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Problems faking it
Old 02-06-2004, 12:40 PM   #1 (permalink)
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I have been experimenting with masking studio shots onto tropical backgrounds to get me and my clients through the cold northern winter. I shot a lot of backgrounds while on various trips and I am now trying to shoot studio shots with strong backlighting and use photoshop to mask the studio shots onto the backgrounds. I have used curves and various other techniques to try to get a similar temperature, contrast, etc. but several still have that "fake" look. OK - it is fake but I used the same camera (not always the same lens) for both images and I would appreciate any comments regarding the studio setup or photoshop techniques that might help these images to look more realistic.
 
 
Re: Problems faking it
Old 02-06-2004, 02:27 PM   #2 (permalink)
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I'm relatively new to this site, so I apologize, I do not yet have a photo to post as I am not really a glamour photographer....yet. I am however a photographer and a graphic designer ( www.moyledesign.com for my work ).

Maybe bluring the background slightly would hemp you. You could even go into quick mask mode, delect the background with the gradient tool, and blur it progressively (less blurred at bottom "near model", more blurred at top "far away from model")

just thoughts, and again, forgive the lack of image with this post.

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Re: Problems faking it
Old 02-06-2004, 02:32 PM   #3 (permalink)
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Oops, meant to say "Maybe bluring the background slightly would help [img]/ubbthreads/images/graemlins/crazy.gif[/img] you. You could even go into quick mask mode, select [img]/ubbthreads/images/graemlins/crazy.gif[/img] the background with the gradient tool, and blur it progressively (less blurred at bottom "near model", more blurred at top "far away from model")"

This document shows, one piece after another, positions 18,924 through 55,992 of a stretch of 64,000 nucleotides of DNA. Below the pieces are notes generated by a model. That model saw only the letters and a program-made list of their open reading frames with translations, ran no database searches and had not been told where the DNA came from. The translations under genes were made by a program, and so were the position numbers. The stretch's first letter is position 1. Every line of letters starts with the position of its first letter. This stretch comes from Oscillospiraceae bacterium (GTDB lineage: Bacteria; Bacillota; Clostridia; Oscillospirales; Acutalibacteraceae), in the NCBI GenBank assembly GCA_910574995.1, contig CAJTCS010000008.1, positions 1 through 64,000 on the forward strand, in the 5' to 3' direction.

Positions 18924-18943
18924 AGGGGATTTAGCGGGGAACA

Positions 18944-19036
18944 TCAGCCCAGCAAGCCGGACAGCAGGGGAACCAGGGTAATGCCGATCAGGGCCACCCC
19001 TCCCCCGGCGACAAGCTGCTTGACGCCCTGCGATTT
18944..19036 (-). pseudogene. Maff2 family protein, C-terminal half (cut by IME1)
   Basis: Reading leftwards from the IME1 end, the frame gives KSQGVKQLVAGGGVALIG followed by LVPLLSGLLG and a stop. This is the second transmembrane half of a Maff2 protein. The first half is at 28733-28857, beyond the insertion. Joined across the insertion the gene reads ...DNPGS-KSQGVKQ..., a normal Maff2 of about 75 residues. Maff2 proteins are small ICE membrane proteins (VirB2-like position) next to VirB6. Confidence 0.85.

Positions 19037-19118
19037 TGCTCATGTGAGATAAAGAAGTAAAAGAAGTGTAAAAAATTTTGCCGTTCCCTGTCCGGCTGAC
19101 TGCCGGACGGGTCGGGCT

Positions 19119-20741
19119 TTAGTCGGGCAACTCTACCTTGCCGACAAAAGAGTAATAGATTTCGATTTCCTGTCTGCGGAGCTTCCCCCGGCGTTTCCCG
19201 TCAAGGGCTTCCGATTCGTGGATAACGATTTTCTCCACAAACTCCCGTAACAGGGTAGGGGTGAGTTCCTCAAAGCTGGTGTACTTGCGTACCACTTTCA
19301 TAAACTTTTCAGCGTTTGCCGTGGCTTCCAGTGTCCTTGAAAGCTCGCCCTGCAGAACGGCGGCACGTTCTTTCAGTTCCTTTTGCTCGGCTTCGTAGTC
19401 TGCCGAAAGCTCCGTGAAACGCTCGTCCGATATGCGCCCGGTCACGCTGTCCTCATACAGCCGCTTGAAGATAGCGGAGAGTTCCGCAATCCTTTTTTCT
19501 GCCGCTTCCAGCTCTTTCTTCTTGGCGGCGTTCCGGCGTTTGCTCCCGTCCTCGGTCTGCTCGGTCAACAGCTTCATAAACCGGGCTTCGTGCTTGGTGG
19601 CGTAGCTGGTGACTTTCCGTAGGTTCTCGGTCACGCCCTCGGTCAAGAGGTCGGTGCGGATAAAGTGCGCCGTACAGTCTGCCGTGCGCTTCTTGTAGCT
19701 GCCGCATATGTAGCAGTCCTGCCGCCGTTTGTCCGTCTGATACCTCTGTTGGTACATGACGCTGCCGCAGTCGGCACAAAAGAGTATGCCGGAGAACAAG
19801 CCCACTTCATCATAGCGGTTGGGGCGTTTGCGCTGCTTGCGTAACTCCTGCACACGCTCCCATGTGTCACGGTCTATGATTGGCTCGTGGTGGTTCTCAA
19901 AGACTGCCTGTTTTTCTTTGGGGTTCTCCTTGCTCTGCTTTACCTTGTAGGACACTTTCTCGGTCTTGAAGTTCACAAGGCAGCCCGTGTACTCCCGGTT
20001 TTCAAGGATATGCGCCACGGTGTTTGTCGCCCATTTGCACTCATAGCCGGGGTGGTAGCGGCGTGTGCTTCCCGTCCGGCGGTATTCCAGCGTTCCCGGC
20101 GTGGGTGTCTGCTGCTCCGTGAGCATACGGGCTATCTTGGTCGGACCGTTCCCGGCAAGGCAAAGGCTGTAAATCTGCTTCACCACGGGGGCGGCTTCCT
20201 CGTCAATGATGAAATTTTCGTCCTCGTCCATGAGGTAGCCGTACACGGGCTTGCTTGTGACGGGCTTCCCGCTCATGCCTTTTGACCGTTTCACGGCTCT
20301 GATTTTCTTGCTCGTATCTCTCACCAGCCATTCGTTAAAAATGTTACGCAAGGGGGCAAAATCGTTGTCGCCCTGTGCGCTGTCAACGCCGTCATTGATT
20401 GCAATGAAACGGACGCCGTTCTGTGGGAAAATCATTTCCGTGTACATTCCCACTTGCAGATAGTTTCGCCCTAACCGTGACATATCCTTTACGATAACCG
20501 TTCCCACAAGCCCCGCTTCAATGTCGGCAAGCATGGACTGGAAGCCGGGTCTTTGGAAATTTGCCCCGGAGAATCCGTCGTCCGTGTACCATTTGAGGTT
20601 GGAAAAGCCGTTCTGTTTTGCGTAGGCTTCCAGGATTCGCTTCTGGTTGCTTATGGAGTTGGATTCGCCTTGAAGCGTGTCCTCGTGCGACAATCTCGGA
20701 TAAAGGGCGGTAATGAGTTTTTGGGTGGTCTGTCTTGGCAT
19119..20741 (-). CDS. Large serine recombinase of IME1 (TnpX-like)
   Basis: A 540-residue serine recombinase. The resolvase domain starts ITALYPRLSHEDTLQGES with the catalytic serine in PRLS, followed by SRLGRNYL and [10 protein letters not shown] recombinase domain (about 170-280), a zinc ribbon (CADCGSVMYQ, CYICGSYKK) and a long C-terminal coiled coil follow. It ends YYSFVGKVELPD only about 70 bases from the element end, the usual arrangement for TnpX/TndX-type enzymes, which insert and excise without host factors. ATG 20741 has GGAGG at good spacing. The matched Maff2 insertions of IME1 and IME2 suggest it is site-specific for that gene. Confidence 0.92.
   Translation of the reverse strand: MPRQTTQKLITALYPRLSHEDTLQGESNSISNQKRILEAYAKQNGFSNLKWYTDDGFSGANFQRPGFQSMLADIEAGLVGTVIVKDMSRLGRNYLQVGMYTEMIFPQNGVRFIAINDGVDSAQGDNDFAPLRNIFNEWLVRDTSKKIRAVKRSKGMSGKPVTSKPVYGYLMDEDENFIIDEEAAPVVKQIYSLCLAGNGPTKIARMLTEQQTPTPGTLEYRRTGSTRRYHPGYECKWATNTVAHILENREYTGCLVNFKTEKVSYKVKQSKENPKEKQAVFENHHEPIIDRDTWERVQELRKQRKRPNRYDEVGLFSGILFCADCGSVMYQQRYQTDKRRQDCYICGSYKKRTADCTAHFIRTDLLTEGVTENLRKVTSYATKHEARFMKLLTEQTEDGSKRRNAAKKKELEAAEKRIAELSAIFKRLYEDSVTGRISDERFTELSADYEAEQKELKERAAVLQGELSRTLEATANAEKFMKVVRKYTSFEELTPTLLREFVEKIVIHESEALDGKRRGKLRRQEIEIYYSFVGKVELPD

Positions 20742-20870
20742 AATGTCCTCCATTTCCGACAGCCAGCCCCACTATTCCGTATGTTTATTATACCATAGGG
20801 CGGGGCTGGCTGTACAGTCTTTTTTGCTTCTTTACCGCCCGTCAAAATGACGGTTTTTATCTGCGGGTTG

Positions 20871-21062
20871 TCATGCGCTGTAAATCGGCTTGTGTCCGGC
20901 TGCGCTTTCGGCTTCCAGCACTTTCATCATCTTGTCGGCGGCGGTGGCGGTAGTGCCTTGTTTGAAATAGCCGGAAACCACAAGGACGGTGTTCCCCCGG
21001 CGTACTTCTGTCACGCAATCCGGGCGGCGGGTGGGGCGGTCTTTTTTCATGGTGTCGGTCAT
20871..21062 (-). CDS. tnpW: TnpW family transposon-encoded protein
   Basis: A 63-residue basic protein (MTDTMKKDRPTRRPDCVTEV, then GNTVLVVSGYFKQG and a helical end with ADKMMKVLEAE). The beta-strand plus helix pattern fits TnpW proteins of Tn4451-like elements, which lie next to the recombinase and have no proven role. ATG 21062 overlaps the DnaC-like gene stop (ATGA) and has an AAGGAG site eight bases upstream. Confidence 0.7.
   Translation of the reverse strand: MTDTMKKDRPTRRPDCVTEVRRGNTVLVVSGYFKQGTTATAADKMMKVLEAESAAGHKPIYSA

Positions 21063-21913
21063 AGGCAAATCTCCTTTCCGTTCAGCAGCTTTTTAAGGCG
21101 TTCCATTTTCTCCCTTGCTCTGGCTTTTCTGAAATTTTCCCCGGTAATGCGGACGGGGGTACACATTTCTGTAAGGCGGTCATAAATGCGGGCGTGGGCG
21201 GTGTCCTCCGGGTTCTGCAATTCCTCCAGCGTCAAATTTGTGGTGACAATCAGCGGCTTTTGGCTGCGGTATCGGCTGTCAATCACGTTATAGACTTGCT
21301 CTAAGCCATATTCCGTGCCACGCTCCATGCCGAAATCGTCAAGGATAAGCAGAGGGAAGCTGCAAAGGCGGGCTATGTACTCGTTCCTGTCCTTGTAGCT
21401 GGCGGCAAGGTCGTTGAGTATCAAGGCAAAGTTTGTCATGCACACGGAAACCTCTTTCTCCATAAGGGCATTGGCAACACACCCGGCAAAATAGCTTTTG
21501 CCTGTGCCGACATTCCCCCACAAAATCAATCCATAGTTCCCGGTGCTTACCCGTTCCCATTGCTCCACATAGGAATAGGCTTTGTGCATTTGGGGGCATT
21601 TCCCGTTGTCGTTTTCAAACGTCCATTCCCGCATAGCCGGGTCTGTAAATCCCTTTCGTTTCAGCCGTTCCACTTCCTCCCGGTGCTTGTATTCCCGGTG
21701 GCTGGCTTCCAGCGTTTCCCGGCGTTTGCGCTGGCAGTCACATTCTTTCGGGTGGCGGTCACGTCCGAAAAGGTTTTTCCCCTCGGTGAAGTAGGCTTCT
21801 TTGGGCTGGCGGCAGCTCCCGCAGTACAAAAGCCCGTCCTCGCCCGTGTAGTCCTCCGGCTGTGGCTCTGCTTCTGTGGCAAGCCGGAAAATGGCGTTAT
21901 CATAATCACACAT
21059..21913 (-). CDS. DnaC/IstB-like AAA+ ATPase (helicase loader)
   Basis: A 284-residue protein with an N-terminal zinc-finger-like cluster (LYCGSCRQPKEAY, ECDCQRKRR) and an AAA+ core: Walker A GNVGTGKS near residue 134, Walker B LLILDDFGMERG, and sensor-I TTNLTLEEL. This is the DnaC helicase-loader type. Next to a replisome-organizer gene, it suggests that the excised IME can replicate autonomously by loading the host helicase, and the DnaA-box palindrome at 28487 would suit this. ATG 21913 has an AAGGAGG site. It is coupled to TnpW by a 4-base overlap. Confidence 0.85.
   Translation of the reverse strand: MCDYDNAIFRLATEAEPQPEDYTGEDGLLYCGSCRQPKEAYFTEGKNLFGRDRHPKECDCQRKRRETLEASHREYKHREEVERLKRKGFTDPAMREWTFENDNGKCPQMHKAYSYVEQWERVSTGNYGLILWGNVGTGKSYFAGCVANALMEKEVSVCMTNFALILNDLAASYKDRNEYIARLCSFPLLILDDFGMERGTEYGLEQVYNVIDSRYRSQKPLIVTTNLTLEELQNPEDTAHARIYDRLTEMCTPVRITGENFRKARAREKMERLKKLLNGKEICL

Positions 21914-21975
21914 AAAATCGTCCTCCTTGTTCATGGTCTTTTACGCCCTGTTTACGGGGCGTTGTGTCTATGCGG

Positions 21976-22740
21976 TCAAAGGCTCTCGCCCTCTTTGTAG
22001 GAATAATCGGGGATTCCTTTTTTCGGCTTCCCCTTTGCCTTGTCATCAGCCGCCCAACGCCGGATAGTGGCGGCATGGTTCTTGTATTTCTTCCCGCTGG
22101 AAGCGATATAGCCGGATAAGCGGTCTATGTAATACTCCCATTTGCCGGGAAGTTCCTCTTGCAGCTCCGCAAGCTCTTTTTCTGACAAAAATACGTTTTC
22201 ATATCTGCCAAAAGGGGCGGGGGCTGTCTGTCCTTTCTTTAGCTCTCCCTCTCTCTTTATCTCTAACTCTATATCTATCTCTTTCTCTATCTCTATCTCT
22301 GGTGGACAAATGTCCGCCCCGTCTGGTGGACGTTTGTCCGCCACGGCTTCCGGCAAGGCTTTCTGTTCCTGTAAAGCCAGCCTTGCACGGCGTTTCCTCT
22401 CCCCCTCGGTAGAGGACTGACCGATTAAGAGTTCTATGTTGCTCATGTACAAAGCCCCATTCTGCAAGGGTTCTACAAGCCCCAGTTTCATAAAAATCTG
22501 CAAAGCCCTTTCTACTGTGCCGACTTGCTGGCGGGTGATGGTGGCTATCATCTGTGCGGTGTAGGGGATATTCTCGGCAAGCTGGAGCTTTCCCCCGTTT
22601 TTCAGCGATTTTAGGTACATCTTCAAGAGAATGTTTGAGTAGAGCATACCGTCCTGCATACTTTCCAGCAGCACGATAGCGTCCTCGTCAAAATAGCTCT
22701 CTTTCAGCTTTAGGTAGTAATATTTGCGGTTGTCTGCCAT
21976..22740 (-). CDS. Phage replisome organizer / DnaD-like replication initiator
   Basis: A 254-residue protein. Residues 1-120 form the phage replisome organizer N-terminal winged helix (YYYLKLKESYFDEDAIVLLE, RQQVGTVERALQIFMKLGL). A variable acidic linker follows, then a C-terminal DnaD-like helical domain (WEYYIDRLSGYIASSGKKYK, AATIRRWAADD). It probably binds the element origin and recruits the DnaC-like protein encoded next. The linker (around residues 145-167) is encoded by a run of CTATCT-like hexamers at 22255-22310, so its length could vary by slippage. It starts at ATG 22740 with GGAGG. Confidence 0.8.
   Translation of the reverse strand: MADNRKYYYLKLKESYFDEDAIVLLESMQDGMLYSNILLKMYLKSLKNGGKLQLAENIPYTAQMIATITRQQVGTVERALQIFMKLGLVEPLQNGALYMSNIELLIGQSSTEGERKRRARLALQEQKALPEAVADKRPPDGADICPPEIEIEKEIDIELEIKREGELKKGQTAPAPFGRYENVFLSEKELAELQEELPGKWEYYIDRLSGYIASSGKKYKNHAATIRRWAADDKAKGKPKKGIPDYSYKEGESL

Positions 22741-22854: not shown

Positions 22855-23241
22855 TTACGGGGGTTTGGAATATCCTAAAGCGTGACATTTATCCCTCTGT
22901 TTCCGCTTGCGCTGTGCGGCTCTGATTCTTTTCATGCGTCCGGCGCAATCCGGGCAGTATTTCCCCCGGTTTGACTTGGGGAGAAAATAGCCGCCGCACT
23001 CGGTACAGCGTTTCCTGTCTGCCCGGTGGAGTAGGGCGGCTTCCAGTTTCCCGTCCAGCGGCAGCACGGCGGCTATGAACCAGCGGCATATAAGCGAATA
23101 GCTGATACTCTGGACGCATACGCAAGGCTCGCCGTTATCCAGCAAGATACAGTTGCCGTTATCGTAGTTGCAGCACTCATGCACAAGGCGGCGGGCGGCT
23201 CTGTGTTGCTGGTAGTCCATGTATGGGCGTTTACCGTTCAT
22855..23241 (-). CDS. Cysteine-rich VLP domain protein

Sorry for the typos
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Re: Problems faking it
Old 02-06-2004, 05:26 PM   #4 (permalink)
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Back when I did this, I would shoot the BG exactly as though the model were there. Meaning, shoot with the same focal length, angle, aperture and focus distance to "model". Shoot a sequence with the factors varied (different distances, f stops) and label them. Then shoot the model later using those parameters. The big problem is with the hair. Always looked fake (at least it did to my eye), so I gave up. Also, keep track of shadow direction, and make sure your key light is coming from the same direction.

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Re: Problems faking it
Old 02-06-2004, 11:56 PM   #5 (permalink)
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I think your biggest problem is your depth of field. The "background"'s focus point is several "feet" behind the focused model.....you can see the blurry foreground near around her legs. The focused point is the place near her hips.

Hope that makes sense....
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Re: Problems faking it
Old 02-07-2004, 02:54 AM   #6 (permalink)
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Two things jump out at me right away in your image. The first is that the lighting for the model and the background are completely different. This creates an incongruity between the two. The second thing is the perspective of the model to the scene. She would have to have very tall legs to be that high above the beach. Or, she would have to be standing on something we can't see. Either way she looks out of place to the background.